Leukocyte trafficking and recruitment is a critical component of inflammation-mediated pathology. The main regulators of leukocyte trafficking are chemokines, a family of chemoattracting cytokines that control cell migration and adhesion. Another, less appreciated, class of chemotactic agents are cyclophilins, a group of highly abundant cellular proteins mostly known as intracellular receptors for immunosuppressive drug, cyclosporin A, but also exerting extracellular activities. For example, cyclophilin A (CypA) is a potent chemotactic agent for T lymphocytes, eosinophils, monocytes, and neutrophils. Our studies identified CD147 as a cell surface receptor for extracellular cyclophilins. However, the role of cyclophilin-CD147 interaction in leukocyte trafficking and recruitment under physiological or pathological conditions has not been investigated. We now propose to investigate CypA activity as a neutrophil chemoattractant in rheumatoid arthritis. CypA is released in the joints of rheumatoid arthritis patients, and neutrophil infiltration into synovial fluid is a recognized pathogenic factor in this disease. To test this hypothesis, we propose the following Specific Aims:
Specific Aim 1. To analyze CD147 expression on neutrophils and T lymphocytes from normal donors and rheumatoid arthritis patients and responses of these cells to cyclophilins.
Specific Aim 2. To determine the role of cyclophilin-CD147 interaction in neutrophil recruitment to the joints using an in vivo model of rheumatoid arthritis, collagen-induced arthritis (CIA) in mice. The studies proposed in this application represent a high degree of innovation because they explore a novel hypothesis, which proposes new regulating factors for leukocyte trafficking. If proven, this hypothesis might suggest novel approaches to treatment of rheumatoid arthritis and other inflammatory conditions. This exploratory proposal is fully consistent with the goals of this PA as it extends our previous discovery toward new directions related to regulation of inflammatory responses.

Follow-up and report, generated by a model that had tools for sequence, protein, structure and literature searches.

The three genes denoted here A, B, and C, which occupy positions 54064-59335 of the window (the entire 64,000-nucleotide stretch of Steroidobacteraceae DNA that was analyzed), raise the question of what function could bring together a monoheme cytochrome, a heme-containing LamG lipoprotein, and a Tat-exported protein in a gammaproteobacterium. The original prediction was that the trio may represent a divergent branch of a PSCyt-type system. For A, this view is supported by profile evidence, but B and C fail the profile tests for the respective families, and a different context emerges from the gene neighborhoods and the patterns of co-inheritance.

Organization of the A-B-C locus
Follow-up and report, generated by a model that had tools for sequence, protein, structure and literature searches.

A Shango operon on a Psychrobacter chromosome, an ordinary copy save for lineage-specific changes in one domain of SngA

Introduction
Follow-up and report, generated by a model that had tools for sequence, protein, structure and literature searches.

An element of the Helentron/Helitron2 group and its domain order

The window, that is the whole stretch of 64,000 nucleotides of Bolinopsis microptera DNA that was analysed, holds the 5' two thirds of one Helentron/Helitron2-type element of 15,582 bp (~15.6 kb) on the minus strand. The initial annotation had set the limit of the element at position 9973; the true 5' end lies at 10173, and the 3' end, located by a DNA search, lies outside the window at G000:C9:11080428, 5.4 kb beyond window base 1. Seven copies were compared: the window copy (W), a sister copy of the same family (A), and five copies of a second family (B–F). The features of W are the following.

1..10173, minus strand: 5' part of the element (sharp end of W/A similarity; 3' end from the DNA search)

National Institute of Health (NIH)
National Institute of Allergy and Infectious Diseases (NIAID)
Exploratory/Developmental Grants (R21)
Project #
Application #
Study Section
Immunological Sciences Study Section (IMS)
Program Officer
Johnson, David R
Project Start
Project End
Budget Start
Budget End
Support Year
Fiscal Year
Total Cost
Indirect Cost
George Washington University
Schools of Medicine
United States
Zip Code
Yurchenko, V; Constant, S; Eisenmesser, E et al. (2010) Cyclophilin-CD147 interactions: a new target for anti-inflammatory therapeutics. Clin Exp Immunol 160:305-17
Schlegel, Jennifer; Redzic, Jasmina S; Porter, Christopher C et al. (2009) Solution characterization of the extracellular region of CD147 and its interaction with its enzyme ligand cyclophilin A. J Mol Biol 391:518-35
Damsker, Jesse M; Okwumabua, Ifeanyi; Pushkarsky, Tatiana et al. (2009) Targeting the chemotactic function of CD147 reduces collagen-induced arthritis. Immunology 126:55-62
Yurchenko, Vyacheslav; Xue, Zhu; Sherry, Barbara et al. (2008) Functional analysis of Leishmania major cyclophilin. Int J Parasitol 38:633-9
Damsker, Jesse M; Bukrinsky, Michael I; Constant, Stephanie L (2007) Preferential chemotaxis of activated human CD4+ T cells by extracellular cyclophilin A. J Leukoc Biol 82:613-8
Pushkarsky, Tatiana; Yurchenko, Vyacheslav; Laborico, Alicia et al. (2007) CD147 stimulates HIV-1 infection in a signal-independent fashion. Biochem Biophys Res Commun 363:495-9
Yurchenko, Vyacheslav; Constant, Stephanie; Bukrinsky, Michael (2006) Dealing with the family: CD147 interactions with cyclophilins. Immunology 117:301-9